* Workload should be transferred as new nodes are added and failures occur.
    * Node changes (failures, additions, new hard drives, more memory, etc) should be transparent to jobs. Users shouldn't have to deal with changes, the system should handle them transparently.
  • Solution to large scale data processing problems is to build a shared nothing architecture.
    * To get around the limits faced byMPI (message passing interface) based systems nothing is shared.
    * In map-reduce (MR) systems data is read locally and processed locally. Results are written back locally.
    * Nodes do not talk to each other.
    * Data is paritioned onto machines in advance and computations happen where data is stored.
    * In MPI communication is explicit. Programs know who they are talking to and what they are talking about. In MR communication is implicit. It is taken care of by the system. Data is routed where it needs to go. This simplifies programs by removing the complexity of explicit coordination. Allows developers to concentrate on solving their problem without know level network stack and programming details.
    * On multi-core computers each core would be treated as a separate node.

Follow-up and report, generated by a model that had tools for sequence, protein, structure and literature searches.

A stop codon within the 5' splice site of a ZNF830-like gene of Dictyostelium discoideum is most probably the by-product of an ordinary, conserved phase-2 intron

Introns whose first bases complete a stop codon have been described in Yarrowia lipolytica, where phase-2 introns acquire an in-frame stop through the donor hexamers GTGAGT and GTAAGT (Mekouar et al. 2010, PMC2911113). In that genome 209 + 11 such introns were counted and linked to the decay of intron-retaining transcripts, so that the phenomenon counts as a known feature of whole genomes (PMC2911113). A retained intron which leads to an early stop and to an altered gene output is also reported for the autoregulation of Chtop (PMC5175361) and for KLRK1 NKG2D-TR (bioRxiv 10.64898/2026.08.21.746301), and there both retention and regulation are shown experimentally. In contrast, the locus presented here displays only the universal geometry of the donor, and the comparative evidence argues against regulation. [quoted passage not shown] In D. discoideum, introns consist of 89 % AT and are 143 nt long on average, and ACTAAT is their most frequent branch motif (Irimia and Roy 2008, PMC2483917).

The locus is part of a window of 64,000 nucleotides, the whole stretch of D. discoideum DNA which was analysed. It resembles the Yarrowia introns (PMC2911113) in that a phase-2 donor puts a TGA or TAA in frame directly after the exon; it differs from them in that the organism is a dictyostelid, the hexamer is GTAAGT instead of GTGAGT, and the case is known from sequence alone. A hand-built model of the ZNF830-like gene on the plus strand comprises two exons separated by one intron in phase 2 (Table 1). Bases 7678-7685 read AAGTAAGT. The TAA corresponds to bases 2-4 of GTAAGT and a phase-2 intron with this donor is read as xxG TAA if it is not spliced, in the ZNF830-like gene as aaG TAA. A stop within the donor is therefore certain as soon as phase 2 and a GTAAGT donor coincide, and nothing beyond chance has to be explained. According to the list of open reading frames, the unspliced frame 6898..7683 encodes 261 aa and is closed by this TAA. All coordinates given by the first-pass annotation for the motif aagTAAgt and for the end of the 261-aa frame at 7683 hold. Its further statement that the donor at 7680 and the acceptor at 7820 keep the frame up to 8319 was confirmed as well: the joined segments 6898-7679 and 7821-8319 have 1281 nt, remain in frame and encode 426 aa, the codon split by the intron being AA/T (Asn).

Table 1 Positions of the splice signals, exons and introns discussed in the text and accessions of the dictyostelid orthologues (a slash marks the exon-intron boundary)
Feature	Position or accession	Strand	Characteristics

* Goal is to have locality of reference. Tasks are processed on the same node as where the data is stored or at least on the same rack. This removes a load step. The data isn't loaded onto a filer. It's not then loaded onto a processing machines. It's already where spreat around the cluster where it needs to be used upfront.
    * In standard MR it's processing large files of data, typically 1 GB or more. This allows streaming reads from this disk. Typical file system block sizes are 4K, for MR they are 64MB to 256MB, which allows writing large linear chunks which reduces seeks on reading.
    * Tasks are restarted transparently on failure because tasks are independent of each other.
    * Data is replicated across nodes for fault tolerance purposes.
    * Task independence allows speculative task execution. The same task can be started on difference nodes and the fastest result can be used. This allows problems like broken disk controllers to be worked around.
    * If necessary inputs can be processed on another machine. There's a big penalty for going off node and off rack.
    * Nodes have no identity to the programmer. Nodes can run multiple jobs.

    Related Articles

  • Researchers: Databases still beat Google's MapReduce by Eric Lai
  • Relational Database Experts Jump The MapReduce Shark by Greg Jorgensen
  • Hadoop and HBAse vs RDBMS by Jonathan Gray
  • Database Technology for the Web: Part 1 – The MapReduce Debate by Colin White
  • Reader Comments (1)

    Nice, it's first time I see someone form Hadoop community seems that knows what about talking. But I can't understand why they trying to cope with those problems with share nothing, data locality and so using Java and Hadoop. Why they don't just use Erlang which is designed to manage this sort of jobs?

    November 29, 1990 | Unregistered CommenterHynek (Pichi) Vychodil